I’ve decided that, even when I feel a little ill or out of sorts, I need to ensure that I get “out there” anyway (even if I scale it back to a walk). Unless I have a severe pain or actual violent illness or a clear inability to get up, I ought to try.

I spent most of yesterday experiencing strong headaches and sinus pressure in my face, especially behind my eyes. I felt like I had an elastic band tightening around my brain. We were supposed to go to a cocktail/birthday party last night, one I had been looking forward to for nearly a month, but I just knew I couldn’t do it.

When it was almost 8pm, however, I decided that I could at least go for a walk — I figured it might help to clear the head. I dressed as though going for a run. And, somewhere along the way, I decided to do the shorter element anyway (walk for 5, run for 5, walk for seven) just to do it, since I was out. I decided I could always stop running if I felt woozy. But I didn’t have to. I was beat after, and dehydrated (which is mystifying considering the amount of water I’d consumed all day), but I got it done.

The headaches are still here today, but not as bad.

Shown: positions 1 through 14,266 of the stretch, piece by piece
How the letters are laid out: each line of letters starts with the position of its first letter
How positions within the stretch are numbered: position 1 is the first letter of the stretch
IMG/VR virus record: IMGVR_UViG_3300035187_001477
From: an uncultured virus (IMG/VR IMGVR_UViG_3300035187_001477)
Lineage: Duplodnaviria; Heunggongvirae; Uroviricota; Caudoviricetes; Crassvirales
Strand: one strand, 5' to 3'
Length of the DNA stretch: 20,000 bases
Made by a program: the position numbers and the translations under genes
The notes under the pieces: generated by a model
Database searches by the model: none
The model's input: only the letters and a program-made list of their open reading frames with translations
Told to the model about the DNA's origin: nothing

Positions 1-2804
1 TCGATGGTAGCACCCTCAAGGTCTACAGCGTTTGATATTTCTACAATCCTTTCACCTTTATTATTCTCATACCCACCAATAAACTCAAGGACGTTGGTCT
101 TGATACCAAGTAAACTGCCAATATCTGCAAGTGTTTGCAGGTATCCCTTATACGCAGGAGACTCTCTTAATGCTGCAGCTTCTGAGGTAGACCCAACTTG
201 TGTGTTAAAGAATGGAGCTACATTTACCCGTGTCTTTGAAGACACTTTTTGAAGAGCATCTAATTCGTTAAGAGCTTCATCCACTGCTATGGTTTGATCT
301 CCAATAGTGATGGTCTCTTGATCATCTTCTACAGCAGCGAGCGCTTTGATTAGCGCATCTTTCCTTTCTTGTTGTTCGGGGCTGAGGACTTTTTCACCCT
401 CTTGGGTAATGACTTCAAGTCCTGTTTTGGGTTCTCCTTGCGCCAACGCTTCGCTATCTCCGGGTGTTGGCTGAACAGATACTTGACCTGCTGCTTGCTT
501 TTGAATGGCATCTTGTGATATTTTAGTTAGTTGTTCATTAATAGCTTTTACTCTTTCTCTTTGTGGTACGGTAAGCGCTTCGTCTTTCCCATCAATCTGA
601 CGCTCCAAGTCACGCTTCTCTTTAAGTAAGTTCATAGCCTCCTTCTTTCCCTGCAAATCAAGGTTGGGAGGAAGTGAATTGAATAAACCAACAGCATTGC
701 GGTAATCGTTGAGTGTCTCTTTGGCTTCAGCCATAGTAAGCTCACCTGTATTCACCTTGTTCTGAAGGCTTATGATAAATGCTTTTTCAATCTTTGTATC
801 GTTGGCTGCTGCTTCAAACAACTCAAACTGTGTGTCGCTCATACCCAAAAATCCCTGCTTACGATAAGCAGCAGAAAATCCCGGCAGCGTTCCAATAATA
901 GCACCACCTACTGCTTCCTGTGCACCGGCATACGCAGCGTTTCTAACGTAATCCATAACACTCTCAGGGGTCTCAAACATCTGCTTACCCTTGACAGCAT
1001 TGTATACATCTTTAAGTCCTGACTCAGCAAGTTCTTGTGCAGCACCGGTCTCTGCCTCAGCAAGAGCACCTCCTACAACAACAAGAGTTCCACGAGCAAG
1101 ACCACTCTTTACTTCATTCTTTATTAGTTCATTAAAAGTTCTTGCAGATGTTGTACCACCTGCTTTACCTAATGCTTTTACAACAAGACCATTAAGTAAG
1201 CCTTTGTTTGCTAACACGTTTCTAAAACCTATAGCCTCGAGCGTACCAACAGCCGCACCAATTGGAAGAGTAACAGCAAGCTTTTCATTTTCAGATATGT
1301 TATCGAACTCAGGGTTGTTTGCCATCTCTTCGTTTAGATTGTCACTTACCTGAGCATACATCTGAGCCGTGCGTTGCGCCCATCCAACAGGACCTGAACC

With Mike alongside, acting as my human stopwatch and coach, I completed a good long element this evening in the local park (12 minute walk, 17 minute run, then 15 minute walk). Having him with me means that we always “up the stakes” a little — we ran up a couple of fairly steep hills along the route, and we climbed up the seventeen flights to our apartment immediately after the run/walk. We also had a surprise when Mike challenged me to take everything in me and sprint for the last bit of the run — no idea where that little surge came from! Funny, it took his egging me on to find that.

I love the way it feels when my heart rate is really gunning it, and my face is flush and every tingling, working bit of me is put into the one thing. No multitasking required, unless you count conversation.

Incidentally, I am finding that having my running buddy with me is essential for the longer stints.